Hey, FDA, More Power to Ya!

There must have been quite a party in Rockville (Md., at FDA headquarters) last Thursday evening.  Earlier that day, the U.S. Senate approved the FDA Amendments Act (FDAAA) of 2007 "without debate," and news organizations were quick to enumerate the new powers the Act would bring to the Agency. According to the Baltimore Sun, the Act gives FDA new authority to:
  • Order warnings on drug labels
  • Review drug ads before they air on television
  • Make results of drug clinical trials available publicly
  • Reduce the number of expert advisers with industry ties
  • Require studies of new drugs' performance
  • Probe patient databases for early signs of side effects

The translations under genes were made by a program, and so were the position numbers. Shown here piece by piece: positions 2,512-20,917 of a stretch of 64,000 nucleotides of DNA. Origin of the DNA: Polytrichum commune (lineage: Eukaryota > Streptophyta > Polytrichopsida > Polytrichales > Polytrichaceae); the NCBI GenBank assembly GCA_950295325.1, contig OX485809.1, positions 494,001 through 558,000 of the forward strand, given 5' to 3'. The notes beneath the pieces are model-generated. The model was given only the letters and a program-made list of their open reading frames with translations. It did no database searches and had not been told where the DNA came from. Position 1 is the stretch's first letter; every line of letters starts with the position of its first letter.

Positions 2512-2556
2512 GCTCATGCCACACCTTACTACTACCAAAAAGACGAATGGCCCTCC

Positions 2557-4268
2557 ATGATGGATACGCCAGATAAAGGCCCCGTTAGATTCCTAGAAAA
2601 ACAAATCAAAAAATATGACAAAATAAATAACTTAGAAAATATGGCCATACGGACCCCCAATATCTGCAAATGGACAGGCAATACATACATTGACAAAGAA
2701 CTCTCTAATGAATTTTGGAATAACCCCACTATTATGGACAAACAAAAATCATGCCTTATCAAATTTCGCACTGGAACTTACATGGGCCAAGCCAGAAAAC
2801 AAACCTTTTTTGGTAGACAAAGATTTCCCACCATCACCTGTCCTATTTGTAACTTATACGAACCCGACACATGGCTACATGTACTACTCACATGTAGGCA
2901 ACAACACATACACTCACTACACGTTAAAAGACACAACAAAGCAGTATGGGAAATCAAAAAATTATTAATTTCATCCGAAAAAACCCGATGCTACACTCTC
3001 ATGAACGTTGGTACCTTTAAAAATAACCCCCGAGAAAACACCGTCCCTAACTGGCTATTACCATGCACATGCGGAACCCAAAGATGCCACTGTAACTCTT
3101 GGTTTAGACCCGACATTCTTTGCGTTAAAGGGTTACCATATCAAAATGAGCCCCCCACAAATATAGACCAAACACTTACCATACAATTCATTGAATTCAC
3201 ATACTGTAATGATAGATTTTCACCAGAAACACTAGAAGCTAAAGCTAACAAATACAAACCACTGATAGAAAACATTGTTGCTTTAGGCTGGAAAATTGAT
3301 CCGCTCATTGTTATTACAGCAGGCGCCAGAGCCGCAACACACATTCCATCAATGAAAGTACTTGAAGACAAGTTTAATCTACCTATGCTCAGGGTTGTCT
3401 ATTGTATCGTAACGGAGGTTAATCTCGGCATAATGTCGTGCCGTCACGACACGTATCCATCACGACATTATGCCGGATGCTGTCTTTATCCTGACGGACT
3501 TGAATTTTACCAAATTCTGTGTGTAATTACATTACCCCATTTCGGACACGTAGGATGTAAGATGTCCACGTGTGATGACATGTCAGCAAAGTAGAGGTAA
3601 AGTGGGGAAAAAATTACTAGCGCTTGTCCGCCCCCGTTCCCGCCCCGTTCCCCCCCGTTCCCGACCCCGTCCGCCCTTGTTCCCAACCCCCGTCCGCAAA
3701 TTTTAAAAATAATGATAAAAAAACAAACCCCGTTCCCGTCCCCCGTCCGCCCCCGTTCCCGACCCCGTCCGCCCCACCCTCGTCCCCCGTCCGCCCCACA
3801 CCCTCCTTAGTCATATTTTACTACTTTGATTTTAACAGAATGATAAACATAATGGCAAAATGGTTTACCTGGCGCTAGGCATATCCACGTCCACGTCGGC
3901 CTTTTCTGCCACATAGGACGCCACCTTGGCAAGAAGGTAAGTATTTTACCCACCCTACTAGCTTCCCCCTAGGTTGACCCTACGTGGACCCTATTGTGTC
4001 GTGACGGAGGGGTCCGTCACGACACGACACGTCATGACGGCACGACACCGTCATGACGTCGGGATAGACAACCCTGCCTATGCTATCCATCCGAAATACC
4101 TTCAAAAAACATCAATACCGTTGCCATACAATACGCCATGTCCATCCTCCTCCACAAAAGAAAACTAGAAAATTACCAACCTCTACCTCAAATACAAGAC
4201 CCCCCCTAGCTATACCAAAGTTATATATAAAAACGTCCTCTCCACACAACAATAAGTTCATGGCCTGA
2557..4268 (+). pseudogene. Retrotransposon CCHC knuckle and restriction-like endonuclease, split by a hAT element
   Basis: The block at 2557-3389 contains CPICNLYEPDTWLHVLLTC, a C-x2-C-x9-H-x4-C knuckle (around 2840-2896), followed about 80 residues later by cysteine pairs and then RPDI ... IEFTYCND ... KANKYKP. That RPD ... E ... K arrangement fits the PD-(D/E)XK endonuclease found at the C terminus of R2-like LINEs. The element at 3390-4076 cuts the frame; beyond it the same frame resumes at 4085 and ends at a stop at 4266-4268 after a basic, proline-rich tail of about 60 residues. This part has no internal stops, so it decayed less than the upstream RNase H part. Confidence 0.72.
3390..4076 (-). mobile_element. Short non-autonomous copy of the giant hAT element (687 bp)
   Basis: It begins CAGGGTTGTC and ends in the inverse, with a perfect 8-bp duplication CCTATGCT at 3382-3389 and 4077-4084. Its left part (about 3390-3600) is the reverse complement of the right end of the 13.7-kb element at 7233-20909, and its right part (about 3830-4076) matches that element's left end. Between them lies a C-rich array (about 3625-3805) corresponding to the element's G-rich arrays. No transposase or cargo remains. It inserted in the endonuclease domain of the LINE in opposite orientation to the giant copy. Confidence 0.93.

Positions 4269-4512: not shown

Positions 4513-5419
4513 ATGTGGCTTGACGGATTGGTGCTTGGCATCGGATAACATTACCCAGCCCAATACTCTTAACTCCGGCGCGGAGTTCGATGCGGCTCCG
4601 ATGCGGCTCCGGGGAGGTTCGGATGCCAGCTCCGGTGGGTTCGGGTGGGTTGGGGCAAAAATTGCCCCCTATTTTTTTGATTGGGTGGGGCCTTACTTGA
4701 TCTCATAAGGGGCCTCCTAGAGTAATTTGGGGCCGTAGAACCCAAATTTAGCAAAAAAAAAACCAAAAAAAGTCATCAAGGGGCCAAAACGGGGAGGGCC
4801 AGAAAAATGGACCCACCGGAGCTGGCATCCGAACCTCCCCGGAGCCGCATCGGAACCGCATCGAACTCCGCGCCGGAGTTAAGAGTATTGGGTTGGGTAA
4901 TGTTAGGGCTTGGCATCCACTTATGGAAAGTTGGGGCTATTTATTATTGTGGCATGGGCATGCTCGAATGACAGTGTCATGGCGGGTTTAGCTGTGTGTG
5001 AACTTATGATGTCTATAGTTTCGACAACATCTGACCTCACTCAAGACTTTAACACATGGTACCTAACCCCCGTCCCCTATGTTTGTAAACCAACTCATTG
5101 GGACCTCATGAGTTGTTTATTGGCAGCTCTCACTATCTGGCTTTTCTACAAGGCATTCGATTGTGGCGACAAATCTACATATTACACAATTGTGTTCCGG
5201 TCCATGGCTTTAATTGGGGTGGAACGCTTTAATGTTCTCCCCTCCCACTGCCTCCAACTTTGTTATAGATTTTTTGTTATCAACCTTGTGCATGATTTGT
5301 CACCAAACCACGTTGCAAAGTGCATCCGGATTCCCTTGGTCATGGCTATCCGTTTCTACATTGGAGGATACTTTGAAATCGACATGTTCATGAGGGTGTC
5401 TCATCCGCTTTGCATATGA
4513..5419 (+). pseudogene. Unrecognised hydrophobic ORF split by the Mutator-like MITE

FDA Commissioner Andrew von Eschenbach issued a statement on Friday (Sept. 21) thanking Congress for passing the legislation, especially the sections that reauthorized the Prescription Drug User Fee Act (PDUFA) and the Medical Device User Fee and Modernization Act (MDUFMA). Given how difficult it is for domestic programs to come by federal funding these days, the Commissioner and other FDA officials will undoubtedly welcome the "clink" of industry's coins in the coffer. The Sun's reporter noted that the FDAAA is "expected to be signed into law by President Bush," and with all of the hullabaloo over drug safety that has come down the pike in the last three years, one would think Mr. Bush would feel a sense of urgency about signing off on the bill. But perhaps more pressing issues have come before him, such as welcoming the 2006 and 2007 NCAA sports champions to the White House last Friday, or delivering his weekly radio address on Saturday. This week certainly has been hectic for the President; yesterday he met with President Abbas of the Palestinian Authority and President Lula of Brazil, and today he addressed the United Nations General Assembly and met with Iraqi Prime Minister Maliki. So, it looks like the really big party -- the one they can throw at the Agency when President Bush finally signs the bill into law -- will have to wait a few more days. It feels rather anticlimactic, doesn't it?  Since "Vioxx" became a household word and a symbol for all that critics think is "wrong with" both the pharmaceutical industry and FDA, the Agency has been hounded to police drug and device companies more closely. But how much could FDA do without sufficient regulatory muscle? Now, there's a light up ahead, but it's not shining on Rockville. Yes, "all the world's a stage," and Agency staff are "merely players," but isn't it time to give them their "star turn" and see what they make of it? -HP